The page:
New Baptist Covenant Follow-up

This past week I attended a follow-up meeting for the New Baptist Covenant hosted by Jimmy Carter at the Carter Center in Atlanta. Approximately 70 people representing nearly 40 Baptist bodies across North American were present. A great deal of excitement and enthusiasm was generated by New Baptist Covenant Celebration in Atlanta on January 30-February 1, 2008. The real question is what next? It is not a simple thing to bring a diverse group of Baptists together for worship and discussion, and it is even more challenging to explore a shared future.

I sent a note to Jimmy Allen, Bill Underwood, and the other members of the steering committee yesterday to thank them for the follow-up meeting. I can appreciate the incredible challenge before us as we seek to explore what God is doing in this Baptist Movement in a way that engages and involves our denominations and organizations and yet avoids the dangers of attempting to institutionalize a movement.

I, like many others, felt the Celebration of the New Baptist Covenant was a truly historic gathering. I have a great desire to see Baptists across North America find a way to build a new level of partnership and collaboration for the sake of Christ’s Kingdom. One exciting development from the follow-up meeting was preliminary decision to move toward another North American gathering in 2011. Several people present voiced a suggestion which I also made after the January gathering. I believe we should encourage local and regional meetings that would facilitate the development local relationships and ministry involvement.

Baptists need each other. We need to get over our own provincial biases and work through the racial and cultural differences that have often kept us apart. This does not mean we have to merge into a single body; however, it might mean that we eventually have fewer Baptist bodies. Most importantly, it means we find a way to work together for the sake of our churches and Christ’s kingdom. It means we humble ourselves enough to admit that we can learn from each other. It has often been said, You can tell a Baptist, but you cannot tell him much! I serve an organization made up of predominantly Anglo congregations. We could profit a great deal by a greater sense of collaboration and partnership with our African-American brothers and sisters. Black congregations often do a much better job of identifying with and engaging their communities. Many times they do a better job of empowering leaders for service, and many of us have come to understand the vitality in their worship is much more than merely the cultural differences expressed in worship styles. We need our Black Baptist brothers and sisters.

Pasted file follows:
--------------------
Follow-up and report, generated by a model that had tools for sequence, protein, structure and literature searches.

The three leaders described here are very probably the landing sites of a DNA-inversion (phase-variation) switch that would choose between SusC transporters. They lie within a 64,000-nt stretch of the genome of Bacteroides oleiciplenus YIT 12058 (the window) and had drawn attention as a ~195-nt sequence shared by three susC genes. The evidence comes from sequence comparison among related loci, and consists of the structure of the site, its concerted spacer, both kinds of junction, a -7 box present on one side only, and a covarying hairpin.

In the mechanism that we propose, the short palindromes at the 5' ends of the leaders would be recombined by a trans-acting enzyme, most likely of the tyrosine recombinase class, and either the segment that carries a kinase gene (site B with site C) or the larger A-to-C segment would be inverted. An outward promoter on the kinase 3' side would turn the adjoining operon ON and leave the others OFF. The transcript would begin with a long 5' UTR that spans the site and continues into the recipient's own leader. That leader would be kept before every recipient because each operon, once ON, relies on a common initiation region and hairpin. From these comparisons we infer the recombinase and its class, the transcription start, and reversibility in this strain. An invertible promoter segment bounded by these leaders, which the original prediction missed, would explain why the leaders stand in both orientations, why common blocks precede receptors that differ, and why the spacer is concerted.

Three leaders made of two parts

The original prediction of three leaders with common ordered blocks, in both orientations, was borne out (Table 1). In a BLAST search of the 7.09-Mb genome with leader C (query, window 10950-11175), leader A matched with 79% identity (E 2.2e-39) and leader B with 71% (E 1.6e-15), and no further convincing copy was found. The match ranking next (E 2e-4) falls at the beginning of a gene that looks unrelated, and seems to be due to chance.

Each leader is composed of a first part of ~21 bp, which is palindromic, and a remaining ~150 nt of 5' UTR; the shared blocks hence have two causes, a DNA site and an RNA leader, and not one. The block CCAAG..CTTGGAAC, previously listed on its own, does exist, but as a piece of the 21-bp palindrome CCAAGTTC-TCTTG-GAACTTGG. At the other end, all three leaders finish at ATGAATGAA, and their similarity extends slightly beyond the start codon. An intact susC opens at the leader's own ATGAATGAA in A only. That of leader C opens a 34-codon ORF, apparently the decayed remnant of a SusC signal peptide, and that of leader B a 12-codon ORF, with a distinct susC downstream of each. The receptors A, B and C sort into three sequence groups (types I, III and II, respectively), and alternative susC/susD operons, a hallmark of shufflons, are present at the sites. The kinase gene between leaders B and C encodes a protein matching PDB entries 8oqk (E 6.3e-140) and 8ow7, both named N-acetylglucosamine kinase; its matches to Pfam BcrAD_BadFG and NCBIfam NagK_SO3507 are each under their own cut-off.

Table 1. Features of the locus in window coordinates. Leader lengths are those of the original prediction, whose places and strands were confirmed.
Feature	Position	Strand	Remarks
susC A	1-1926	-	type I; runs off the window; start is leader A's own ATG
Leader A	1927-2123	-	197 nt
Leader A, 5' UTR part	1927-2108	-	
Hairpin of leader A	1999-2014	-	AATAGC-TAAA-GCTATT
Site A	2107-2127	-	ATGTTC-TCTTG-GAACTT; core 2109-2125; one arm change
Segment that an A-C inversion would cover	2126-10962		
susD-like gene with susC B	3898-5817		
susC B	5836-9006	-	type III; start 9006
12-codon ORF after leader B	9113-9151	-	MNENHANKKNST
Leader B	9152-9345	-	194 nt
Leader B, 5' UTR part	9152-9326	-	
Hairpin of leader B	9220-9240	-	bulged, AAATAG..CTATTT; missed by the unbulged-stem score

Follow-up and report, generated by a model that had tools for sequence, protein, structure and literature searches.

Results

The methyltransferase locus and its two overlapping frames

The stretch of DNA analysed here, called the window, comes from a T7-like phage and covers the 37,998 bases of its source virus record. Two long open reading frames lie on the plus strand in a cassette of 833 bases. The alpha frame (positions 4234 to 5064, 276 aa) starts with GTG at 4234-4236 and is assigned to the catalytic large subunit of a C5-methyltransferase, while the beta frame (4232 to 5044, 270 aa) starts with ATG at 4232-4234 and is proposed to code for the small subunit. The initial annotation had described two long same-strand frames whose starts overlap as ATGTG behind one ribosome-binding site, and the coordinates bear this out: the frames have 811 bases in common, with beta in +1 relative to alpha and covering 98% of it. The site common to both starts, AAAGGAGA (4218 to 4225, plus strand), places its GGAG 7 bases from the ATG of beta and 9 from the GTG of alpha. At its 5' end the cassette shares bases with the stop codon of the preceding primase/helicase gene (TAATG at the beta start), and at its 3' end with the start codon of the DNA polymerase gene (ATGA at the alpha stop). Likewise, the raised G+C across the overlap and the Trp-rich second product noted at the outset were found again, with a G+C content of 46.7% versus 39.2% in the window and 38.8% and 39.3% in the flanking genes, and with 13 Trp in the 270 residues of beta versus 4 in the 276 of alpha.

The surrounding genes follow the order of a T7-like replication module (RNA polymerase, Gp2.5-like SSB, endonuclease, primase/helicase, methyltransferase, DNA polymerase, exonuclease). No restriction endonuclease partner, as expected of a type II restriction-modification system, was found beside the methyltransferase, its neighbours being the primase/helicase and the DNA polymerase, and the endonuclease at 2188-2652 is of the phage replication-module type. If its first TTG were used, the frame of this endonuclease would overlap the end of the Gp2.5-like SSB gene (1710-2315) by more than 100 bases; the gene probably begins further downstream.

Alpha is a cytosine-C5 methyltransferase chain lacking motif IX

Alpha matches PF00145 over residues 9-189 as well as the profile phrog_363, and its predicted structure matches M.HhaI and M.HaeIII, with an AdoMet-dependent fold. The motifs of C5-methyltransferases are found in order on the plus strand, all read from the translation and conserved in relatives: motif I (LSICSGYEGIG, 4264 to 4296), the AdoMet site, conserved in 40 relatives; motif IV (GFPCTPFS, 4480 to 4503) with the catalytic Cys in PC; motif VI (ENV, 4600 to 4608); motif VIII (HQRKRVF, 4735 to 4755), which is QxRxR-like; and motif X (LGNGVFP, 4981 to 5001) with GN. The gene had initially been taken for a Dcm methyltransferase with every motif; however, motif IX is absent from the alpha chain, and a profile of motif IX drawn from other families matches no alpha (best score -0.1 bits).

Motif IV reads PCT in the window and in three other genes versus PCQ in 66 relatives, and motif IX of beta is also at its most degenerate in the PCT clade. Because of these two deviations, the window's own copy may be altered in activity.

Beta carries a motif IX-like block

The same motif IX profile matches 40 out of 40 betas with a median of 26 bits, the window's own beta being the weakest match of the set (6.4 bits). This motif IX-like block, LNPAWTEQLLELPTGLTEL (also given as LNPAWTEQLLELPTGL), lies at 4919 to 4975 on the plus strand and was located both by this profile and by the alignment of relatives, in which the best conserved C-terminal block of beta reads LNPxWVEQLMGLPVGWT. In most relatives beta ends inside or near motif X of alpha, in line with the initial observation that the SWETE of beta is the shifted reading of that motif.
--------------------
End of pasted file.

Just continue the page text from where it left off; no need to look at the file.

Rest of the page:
I have been in discussions with representatives from several Baptist bodies (National Baptists, American Baptists, and others) in our region of the country (Missouri and the mid-west) since we returned the Atlanta gathering. We have a meeting scheduled in April with a group of pastors and convention leaders to explore the possibility of a regional gathering of the New Baptist Covenant. I am hopeful that this movement could be the beginning of something very special in Baptist life.

Monday, March 10, 2008

Finding a Place in the Baptist Family


A few of weeks ago I joined more than 15,000 Baptists from across North America at the New Baptist Covenant Celebration in Atlanta. As you might imagine, I have been to a lot of Baptist meetings in my lifetime. Without hesitation I can say the New Baptist Covenant Celebration was one of the best meetings I have ever attended. Baptists from approximately 40 Baptist bodies and conventions participated in one of the most diverse and inspiring gathering in the history of Baptist life in North America. Already many are exploring ways they can build a new level of partnership and collaboration as we serve Christ together. The Baptist General Convention of Missouri is exploring ways we might build a similar coalition among all types of Baptists in the Midwest.

I believe the Baptist family and the larger Christian community is stronger when we collaborate and partner for the sake of the Kingdom. We miss a great deal when we isolate ourselves from our brothers and sisters in Christ. I am excited by the opportunity this new movement provides to get better acquainted with Baptists as we serve together.